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Bushwhacking and the Black flag.--Now is the time for bushwhacking and the black flag. Now is the time to punish, with the full measure of retributive justice, the Vandals who have dared to desecrate our soil for purposes of rapine, murder, and every manner of cruelty and outrage which illustrates the depravity and wickedness of human nature in its most degenerate form. It is not improbable that, by means of iron-clad boats, they will succeed, occasionally, in effecting landings upon the Mississippi River, with a view to predatory incursions into the interior. Nothing better could be desired. It will give each man, of whatever age, calling, or occupation, an opportunity to become at once an efficient soldier. He can take his gun, ascertain the places most likely to be frequented by the Yankee thieves, conceal himself in ravine, thicket, or undergrowth, and pick them off by the wholesale. This will be fine sport — better, indeed, than hunting wild game. And those engaged in it will have the satisfaction of knowing that whenever they bring one of these prowling beasts to the dust, the number of our remorseless enemies will be that much less. We know of one quiet but shrewd and resolute citizen in a certain region infested with these plunderers from Yankee land, who has bagged about a dozen of them. His example is commended especially to the people of the river counties; but not to them alone. Where the base hoof of a Yankee leaves its impress, there let his carcass be made to enrich the soil which he has come to plunder. Nor must their coming be awaited. Every part of our territory should alike be held sacred from such a loathsome presence. The Yankee generals, dreading the guerrilla and bush-whacking system of war, have indicated their purpose to retaliate, by seizing non-combatants and destroying property indiscriminately. It is not for our people to be deterred by this expedient. We must remember that our condition cannot possibly be made worse than it will have become should the Yankees succeed in their scheme of subjugation. As for the rules of civilized war, we have this to say: A people who, for no justifiable cause whatever, have come to place a yoke of iron on our necks, are not entitled to their benefit. Moreover, those rules, as well as the ordinary obligations of humanity, have been entirely disregarded by the Yankees wherever they have succeeded in obtaining control. Witness their inhuman conduct at Nashville, Huntsville, New-Orleans, and elsewhere. Witness their attack with shell and shot upon Chattanooga, without a warning for the removal of the women and children.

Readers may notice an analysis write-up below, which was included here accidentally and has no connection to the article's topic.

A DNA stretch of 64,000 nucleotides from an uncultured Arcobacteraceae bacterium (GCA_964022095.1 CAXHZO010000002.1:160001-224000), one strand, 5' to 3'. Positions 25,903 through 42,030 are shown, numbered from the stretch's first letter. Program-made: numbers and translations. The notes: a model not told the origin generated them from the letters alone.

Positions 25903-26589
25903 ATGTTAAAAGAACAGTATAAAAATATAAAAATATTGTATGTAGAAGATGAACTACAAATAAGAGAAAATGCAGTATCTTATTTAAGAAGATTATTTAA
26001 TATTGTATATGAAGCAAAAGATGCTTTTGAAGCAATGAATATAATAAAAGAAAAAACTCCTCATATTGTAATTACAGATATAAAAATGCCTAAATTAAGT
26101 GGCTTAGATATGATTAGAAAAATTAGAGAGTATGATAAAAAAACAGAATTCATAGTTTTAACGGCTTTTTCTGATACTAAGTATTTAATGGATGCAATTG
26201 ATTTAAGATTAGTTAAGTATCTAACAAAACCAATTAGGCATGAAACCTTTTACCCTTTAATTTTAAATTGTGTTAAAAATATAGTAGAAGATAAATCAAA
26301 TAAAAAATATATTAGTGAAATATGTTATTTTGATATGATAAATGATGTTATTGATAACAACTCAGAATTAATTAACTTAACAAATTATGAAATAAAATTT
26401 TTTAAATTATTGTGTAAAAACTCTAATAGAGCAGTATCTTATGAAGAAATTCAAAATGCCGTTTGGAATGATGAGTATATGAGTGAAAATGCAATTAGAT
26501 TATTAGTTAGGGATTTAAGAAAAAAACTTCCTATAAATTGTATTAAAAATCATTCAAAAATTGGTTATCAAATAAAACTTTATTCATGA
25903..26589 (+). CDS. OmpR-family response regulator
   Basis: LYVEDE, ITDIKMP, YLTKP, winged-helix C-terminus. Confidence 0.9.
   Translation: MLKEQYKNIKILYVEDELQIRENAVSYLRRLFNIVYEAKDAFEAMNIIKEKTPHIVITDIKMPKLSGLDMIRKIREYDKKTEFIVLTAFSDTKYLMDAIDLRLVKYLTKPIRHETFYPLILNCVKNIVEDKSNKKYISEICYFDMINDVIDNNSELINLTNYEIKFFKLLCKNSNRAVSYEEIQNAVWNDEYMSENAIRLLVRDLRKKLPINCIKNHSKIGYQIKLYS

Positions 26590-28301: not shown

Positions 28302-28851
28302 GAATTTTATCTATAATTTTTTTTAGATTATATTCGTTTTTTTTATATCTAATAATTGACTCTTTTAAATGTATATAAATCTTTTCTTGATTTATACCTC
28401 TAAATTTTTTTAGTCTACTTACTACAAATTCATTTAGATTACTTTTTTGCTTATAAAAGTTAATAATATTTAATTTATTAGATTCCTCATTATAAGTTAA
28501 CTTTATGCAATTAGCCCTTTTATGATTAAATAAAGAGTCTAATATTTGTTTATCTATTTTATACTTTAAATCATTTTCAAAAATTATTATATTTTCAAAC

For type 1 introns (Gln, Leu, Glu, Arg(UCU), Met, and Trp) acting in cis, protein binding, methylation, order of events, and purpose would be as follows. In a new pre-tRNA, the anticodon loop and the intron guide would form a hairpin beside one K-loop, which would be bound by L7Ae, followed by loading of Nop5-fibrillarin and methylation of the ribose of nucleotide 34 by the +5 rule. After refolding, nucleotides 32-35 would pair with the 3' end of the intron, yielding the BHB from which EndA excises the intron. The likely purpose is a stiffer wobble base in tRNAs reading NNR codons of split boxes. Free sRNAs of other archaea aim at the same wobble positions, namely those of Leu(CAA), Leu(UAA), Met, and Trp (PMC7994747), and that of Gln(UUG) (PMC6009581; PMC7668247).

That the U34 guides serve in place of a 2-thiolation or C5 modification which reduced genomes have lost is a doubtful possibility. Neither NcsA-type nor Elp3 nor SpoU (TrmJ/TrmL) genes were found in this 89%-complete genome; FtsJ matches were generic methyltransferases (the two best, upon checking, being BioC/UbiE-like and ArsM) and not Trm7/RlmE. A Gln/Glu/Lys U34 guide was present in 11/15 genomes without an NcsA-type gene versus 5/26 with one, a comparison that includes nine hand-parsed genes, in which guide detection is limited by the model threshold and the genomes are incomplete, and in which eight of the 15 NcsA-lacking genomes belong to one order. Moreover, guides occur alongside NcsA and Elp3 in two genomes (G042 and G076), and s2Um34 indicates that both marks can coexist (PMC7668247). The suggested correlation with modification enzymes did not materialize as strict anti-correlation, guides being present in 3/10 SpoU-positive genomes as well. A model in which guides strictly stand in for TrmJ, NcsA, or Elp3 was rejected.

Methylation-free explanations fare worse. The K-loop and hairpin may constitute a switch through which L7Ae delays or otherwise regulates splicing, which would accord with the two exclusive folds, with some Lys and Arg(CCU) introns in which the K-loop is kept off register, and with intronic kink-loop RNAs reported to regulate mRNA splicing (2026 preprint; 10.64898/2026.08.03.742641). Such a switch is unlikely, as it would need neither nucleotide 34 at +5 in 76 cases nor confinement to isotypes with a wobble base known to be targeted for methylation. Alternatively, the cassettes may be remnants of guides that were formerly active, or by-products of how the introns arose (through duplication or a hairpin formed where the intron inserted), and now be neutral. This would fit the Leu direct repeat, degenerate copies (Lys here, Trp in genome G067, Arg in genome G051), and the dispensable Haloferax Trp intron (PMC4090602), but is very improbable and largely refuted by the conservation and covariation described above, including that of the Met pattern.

In addition to pitched battles upon the open field, let us try partisan ranging bushwhacking — and hence-forward, until the close of this war, let our sign be, The Black Flag and no Quarter!--Jackson Mississippian, June 10.

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